What’s missing from this picture is an articulated purpose for our national immigration policy. Currently the INS hands out visas on a case-by-case basis in response to the demands of three groups: people living outside the U.S. who want to live here; people living inside the U.S. who want to bring their family members to join them; and of U.S. businesses who want to attract cheap labor. These are the forces that drive our national immigration policy. There is not a mention of U.S. national interest there.
In the absence of articulated national interest, chaos reigns. Our national immigration policy is a cluster of policies, each with its separate rationale and its own gaping loopholes open to abuse and fraud. The most egregiously obvious example is the difference between U.S. policy, and U.S. practice, towards illegal immigrants. We let in more than a quarter million illegal immigrants a year and deport only a tiny fraction of them. Why? Because our economy, especially in the Southwest, is dependent on cheap labor.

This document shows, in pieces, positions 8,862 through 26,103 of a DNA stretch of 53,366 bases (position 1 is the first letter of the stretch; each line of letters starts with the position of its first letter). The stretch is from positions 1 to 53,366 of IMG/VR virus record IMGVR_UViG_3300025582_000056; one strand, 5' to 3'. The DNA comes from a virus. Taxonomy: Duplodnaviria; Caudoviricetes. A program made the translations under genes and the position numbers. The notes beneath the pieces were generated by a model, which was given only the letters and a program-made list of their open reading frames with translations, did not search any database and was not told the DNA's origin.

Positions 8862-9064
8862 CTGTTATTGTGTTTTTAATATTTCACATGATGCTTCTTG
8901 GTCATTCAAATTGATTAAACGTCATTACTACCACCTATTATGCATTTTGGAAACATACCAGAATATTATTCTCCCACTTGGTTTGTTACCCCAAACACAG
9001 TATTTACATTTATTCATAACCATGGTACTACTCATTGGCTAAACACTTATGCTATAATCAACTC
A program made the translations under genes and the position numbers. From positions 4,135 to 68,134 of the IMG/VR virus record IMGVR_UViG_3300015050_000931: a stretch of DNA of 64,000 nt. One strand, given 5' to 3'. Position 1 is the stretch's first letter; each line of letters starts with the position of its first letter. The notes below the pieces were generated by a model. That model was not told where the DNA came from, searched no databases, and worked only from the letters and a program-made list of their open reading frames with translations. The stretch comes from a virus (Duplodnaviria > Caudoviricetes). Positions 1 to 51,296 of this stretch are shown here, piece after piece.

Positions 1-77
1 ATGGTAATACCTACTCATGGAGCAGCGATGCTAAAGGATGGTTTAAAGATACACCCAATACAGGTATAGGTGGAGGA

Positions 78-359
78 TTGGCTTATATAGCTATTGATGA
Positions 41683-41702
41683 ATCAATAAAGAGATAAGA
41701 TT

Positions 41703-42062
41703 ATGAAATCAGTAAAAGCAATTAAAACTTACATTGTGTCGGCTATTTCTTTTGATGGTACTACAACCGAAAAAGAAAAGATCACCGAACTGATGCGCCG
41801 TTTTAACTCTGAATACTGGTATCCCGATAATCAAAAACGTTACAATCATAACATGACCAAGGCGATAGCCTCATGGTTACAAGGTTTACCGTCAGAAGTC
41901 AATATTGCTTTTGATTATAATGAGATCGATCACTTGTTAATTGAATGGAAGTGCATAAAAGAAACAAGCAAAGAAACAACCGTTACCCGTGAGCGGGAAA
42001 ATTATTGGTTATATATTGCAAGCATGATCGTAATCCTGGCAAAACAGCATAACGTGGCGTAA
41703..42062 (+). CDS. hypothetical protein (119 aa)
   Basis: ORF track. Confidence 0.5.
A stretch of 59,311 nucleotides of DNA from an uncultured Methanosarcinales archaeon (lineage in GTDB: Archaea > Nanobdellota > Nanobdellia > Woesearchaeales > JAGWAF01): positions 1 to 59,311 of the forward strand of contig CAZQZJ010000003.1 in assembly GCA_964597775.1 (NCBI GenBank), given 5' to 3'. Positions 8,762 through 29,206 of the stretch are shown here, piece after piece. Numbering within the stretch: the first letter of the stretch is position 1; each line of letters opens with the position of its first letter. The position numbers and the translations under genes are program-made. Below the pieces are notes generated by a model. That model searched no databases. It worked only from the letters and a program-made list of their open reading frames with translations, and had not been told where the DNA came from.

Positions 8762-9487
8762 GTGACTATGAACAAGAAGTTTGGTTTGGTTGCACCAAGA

Another example is the “family reunification” provisions, which account for two-thirds of legal immigration into the U.S. As many as four million people around the world are already approved to immigrate under these provisions, but will have to wait up to 40 years for their number to be called. The theory is that stable families provide a base from which all of its members can assimilate more easily into U.S. society. Yet in practice the system is abused, with distant cousins and other relatives coming in as brothers and sisters. As a result, rather than providing a base for assimilation into America, large extended families formed in this way provide an insular culture-within-a-culture, in which the original foreign language can be spoken at all times and no assimilation is ever accomplished.
Of course, there are important humanitarian reasons to make family reunification a priority in immigration. Separation from family members is a painful and debilitating emotional experience. Yet there are far more family reunification visas granted each year than refugee visas, and surely the humanitarian case is stronger for refugees, who risk not discomfort but death due to war or drought or famine.